ANA GALLARDO. HERE TREMBLED A DELIRIUM
Still from the film "La Cumbre", 2023. Authored by Ana Gallardo. Image courtesy of the artist.
Curated by Alfredo Aracil and Violeta Janeiro.
Ever since the late nineties, by which time globalisation had brought about a framework of precariousness and the feminisation of work beyond the domestic and caregiving context, the art of Ana Gallardo (Argentina, 1958) has been questioning the privatisation of feelings and social relations from a perspective that focuses on the open wound of violence against women.
Rather than placing herself as a victim, Ana Gallardo seeks to stage a desire for personal and collective revenge. Her resentment, stemming from the repudiation of death as a repressive tactic, is channelled into an urge for worldmaking and forming other kinds of links with the living. Her approach is thus far removed from the spitefulness present in the politics of hate, as championed by those who feel their own privileges have been compromised. Such people are the true masters of terror and oblivion; they threaten to disappear the bodies and life experiences of all those mothers, daughters and grandmothers who cannot comply with the prevailing colonial and patriarchal axioms.
This artist’s place, within such a pedagogy of cruelty, enables the experience shared by so many to come to the fore. Ana Gallardo’s unwavering determination to create — putting herself at stake while pondering how and with whom she can learn to live differently — is driven by the possibility of making something with the materials of grief; her artistic practice does not provide a cure, but it can repair and empower other becomings. But also, and above all, she strives to turn grief into a public process. Invoke the memory, manifest the absent, activate it, ever bearing in mind the women who die before their time, in great pain. There is also an attempt to make other women’s dreams come true; these women, while still alive, are punished for daring to challenge the order of capitalist social reproduction.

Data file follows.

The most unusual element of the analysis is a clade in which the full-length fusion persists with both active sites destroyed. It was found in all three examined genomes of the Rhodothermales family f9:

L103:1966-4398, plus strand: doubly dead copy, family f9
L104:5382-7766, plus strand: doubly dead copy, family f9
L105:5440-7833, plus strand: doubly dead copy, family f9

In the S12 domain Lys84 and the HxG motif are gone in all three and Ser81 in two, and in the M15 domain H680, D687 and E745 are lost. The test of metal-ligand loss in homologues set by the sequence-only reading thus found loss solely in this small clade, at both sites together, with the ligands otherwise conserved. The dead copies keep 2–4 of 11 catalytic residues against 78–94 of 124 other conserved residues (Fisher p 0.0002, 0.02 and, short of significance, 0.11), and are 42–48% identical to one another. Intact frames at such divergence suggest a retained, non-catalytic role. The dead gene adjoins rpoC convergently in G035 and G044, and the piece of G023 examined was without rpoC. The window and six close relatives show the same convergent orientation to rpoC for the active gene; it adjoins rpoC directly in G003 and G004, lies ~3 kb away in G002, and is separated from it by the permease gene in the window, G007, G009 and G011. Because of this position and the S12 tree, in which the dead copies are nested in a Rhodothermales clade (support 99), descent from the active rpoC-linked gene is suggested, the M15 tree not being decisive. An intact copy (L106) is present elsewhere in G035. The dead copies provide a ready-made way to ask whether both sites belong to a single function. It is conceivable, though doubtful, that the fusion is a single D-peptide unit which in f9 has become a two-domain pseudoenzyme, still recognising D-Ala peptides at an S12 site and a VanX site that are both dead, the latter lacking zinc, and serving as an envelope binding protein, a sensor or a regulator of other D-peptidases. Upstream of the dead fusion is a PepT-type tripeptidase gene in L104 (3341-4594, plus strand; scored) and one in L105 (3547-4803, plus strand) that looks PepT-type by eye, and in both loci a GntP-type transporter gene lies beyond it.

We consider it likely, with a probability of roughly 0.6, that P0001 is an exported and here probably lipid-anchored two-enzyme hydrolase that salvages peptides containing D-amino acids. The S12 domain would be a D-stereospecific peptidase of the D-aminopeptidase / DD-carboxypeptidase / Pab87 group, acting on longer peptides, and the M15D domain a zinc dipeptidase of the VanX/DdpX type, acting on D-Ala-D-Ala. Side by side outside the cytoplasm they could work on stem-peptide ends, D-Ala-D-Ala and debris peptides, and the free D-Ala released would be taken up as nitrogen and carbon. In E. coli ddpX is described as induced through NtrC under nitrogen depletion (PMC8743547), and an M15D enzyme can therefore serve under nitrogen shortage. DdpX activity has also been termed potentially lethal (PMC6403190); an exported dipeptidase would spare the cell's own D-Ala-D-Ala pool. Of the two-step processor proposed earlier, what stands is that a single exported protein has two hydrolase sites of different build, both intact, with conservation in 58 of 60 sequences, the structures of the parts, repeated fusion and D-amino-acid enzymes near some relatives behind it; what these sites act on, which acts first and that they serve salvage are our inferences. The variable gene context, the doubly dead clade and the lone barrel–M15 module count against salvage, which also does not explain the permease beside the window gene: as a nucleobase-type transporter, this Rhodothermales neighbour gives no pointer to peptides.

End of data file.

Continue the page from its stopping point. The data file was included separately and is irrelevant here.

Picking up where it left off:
Having eschewed the identity-based strategies that celebrate suffering as the truth of each individual subject, of particular note in this route through twenty years of production are the artist’s vital impulse and her refusal to conform, even with herself. Her commitment to a struggle, forged in solidarity with women who are different-but-the-same, is embodied in a collection of works supported by oral testimonies, confessions, collaborative accounts and settings for an approach that blurs matters of the self with those of the other.
Here trembled a delirium is not a retrospective. It is one of the many possible journeys through Ana Gallardo’s output, a diary of her movements around the global South and its geographies of necropolitical violence and extractivism. The autobiographical side of the exhibition is not confined to the theatre of the self, but rather it exposes the limits of all subjective experience. Here, artistic practice is conceived of as a technique for getting to know oneself and for mutual support, thanks to the participation of a whole cast of voices that, as in Sophocles’ Antigone, form a family bound not by blood ties; in turn, this helps create an area of continuity in which the critique of subjugation — because of race, sex, age, class and other forms of repression — just like an earthquake, has aftershocks in the defence of territories. The traumas suffered by the mountains and the bones lost deep in the jungle are no different to our own. Land is the matter of the memory
Ana Gallardo is a political artist, and, as such, disputes the conventional meaning of this category in contemporary art. Even early on, her work explored ideas that, today, are embedded in feminism and gender theories. Pieces made with almost nothing or with everything that is around: her output is expressed in diverse, fragile and unstable mediums that enhance the artist’s creative practice and identity. Her work is infused with personal stories, her own and those of others, always driven by desires, by attempts to move through states of mind and to make structural violence visible. Gallardo works on non-domination and the anti-productive emotions of capitalist society. The topics she addresses are linked to family, work, old age, the art system and violence against women.